By Daniel Schantz
“I left you a little treat for breakfast,” my wife says, as she passes my study door, on her way to the grocery store.
“Thanks, Hon!” I am doing my morning devotions. When my stomach begins to rumble, I wander into the kitchen and sit at the table. Sharon has set out an odd assortment of items, including a big bowl of white flour, a smaller bowl with three raw eggs in it, two cups of sugar, a cup of cold butter, a glass of lemon juice, and a glass of milk.
“Hmm,” I say to myself, “This is an odd treat.”
OK, I’m lying, but only a little bit. What my wife really left me was a generous slice of lemon cake. The individual ingredients of a cake are not very appetizing, but when they are blended together and baked at 350 degrees, something magical happens. A delicious confection comes into being, because a cake is more than the sum of its parts.
Church members are like the ingredients of a cake. Some of them are as sweet as sugar, others as sour as lemons. Some are as flat as flour, others as rich as butter. A few members may be as unappealing as raw eggs, but others are as refreshing as cold milk.
Yet, when all these members come together for fellowship on Sunday, something mysterious happens. Their interaction “bakes” them into something wonderful.
Here are the ingredients of fellowship:
I’m on the road most weekends; my wife a “worship widow.” So, when I am in town and go with her to church, I have a lot of catching up to do on relationships, and it sounds like this:
“Who is that skinny woman with Robert?*” I whisper to Sharon, during the prelude.
“The blond? That’s his wife. She just lost 30 pounds.”
“They are married?”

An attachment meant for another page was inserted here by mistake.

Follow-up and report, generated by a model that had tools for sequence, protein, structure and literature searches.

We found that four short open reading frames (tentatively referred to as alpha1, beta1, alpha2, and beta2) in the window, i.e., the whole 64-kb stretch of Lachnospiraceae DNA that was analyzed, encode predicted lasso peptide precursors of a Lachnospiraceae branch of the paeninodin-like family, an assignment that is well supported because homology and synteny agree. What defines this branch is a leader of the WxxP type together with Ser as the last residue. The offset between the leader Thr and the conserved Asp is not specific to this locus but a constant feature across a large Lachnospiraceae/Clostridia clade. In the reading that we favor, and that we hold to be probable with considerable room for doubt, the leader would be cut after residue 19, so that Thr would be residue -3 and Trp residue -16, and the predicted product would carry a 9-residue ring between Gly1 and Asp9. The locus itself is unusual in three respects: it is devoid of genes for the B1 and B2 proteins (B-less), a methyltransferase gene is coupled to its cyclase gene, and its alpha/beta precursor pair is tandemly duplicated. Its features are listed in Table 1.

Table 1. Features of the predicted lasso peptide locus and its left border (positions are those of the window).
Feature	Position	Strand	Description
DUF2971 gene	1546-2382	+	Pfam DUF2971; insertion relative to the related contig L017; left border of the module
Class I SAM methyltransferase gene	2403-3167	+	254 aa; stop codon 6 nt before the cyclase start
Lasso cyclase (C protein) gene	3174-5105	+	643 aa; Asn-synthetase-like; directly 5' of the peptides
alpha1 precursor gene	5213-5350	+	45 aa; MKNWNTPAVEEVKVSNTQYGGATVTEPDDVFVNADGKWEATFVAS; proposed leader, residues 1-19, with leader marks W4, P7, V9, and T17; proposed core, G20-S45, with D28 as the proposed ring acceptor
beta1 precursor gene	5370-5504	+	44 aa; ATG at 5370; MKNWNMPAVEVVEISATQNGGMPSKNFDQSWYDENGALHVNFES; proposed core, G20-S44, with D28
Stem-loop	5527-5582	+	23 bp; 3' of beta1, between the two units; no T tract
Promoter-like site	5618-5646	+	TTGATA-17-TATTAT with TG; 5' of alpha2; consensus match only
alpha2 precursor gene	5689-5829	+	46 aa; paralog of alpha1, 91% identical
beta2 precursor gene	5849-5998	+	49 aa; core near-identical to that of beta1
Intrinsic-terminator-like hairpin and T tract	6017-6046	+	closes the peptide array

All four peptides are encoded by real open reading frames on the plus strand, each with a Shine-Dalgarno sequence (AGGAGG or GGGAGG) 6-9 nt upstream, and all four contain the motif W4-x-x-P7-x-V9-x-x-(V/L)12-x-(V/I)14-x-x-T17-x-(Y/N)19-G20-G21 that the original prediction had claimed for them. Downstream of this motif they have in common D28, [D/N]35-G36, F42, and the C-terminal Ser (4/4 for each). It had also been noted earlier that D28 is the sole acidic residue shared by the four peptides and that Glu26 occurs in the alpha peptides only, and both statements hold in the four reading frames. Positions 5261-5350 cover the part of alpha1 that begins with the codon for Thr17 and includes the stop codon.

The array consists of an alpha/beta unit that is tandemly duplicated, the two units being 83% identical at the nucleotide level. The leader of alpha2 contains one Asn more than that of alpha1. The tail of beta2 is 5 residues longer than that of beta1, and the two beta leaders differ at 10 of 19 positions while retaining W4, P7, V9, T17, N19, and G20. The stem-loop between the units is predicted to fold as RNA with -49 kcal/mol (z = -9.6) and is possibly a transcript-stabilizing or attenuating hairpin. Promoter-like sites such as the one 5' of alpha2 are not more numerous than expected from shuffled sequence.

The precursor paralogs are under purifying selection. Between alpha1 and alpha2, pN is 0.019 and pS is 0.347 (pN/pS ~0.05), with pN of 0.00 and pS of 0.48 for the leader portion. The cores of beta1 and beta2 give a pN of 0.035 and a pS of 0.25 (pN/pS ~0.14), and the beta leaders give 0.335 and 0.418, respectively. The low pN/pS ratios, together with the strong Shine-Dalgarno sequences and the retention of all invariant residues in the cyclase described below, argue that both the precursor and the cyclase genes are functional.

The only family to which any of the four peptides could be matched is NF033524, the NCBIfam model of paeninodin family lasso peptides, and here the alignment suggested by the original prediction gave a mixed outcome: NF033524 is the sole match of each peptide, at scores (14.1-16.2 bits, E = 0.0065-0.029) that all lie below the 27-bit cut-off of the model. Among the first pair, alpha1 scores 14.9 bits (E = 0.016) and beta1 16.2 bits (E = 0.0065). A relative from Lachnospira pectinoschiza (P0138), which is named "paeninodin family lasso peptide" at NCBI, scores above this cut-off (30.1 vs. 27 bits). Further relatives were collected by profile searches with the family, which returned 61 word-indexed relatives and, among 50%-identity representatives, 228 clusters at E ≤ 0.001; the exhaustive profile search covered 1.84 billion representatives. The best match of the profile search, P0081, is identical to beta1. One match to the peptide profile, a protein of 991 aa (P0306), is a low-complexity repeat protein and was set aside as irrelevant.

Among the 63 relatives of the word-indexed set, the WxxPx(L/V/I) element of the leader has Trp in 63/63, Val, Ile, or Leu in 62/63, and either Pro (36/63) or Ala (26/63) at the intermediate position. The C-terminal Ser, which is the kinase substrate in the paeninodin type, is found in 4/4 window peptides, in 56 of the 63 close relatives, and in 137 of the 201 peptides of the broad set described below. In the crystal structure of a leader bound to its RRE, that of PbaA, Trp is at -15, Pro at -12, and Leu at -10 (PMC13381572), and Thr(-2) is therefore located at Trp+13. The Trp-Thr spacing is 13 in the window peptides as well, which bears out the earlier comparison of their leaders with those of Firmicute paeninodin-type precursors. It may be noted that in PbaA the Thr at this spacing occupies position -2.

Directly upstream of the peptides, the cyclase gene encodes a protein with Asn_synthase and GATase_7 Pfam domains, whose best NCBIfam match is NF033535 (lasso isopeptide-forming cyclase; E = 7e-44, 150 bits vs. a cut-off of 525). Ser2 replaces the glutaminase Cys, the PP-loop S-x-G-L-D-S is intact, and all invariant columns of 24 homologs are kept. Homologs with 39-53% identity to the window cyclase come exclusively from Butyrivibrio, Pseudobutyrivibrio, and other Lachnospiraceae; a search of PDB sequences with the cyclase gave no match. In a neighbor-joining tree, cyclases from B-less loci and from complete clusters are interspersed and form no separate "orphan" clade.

“Hon, they have been married for years, they have three children, you knew that.”
“I did? Well, where is that old man I like, I think his name was Henry.”
“Henry died 10 years ago, Danny.”
“Sweetheart, you were a pallbearer. Think!”
“Oh, yeah, now I remember. Well, who is the tall man with the big Adam’s apple, looks like Ichabod Crane?”
“I don’t know. We need to get acquainted with him.”
I see church people all week long, around town. I saw Rita at the bank and Roger at the hardware store, but when they come to church I see them as a married couple, and they are still holding hands, after all these years. Only now I think it’s to keep from falling down.
Some of the relationships I see at church surprise me. Like those two women who always sit together. They are like a lion and a lamb. The one is as sweet as honey, the other will snap your head off, but they get along perfectly in church, a tribute to their faith.
A long-haired man is serving me Communion. Not until I see the tattoos on his arm do I recognize him as that guy who rides a motorcycle around town. That must be his girlfriend, in the leather jacket. I never thought I would see them in church.
All these relationships become visible when members assemble for church. Church is a kind of “group photo,” where we can see everyone in one place.
“Friendships have to be warmed up, now and then,” my wife reminds me, “or people will drift apart.”
She’s right, of course. I know how fragile friendships can be.
The other day I saw an old friend at a rummage sale, and I was teasing him about his hair loss. He just glared at me and said nothing. All week long I wondered if I had offended him. Today I see his wife at church. “I hope I didn’t offend your husband when I was teasing him at the rummage sale.”
She laughs. “ No, no, you couldn’t offend him. He’s losing his hearing, he told me he didn’t hear a word you said.”
I am relieved. Sure enough, I see him in the hallway, on my way to Sunday school, and he is as friendly as ever, but I secretly vow to watch my words more carefully next time.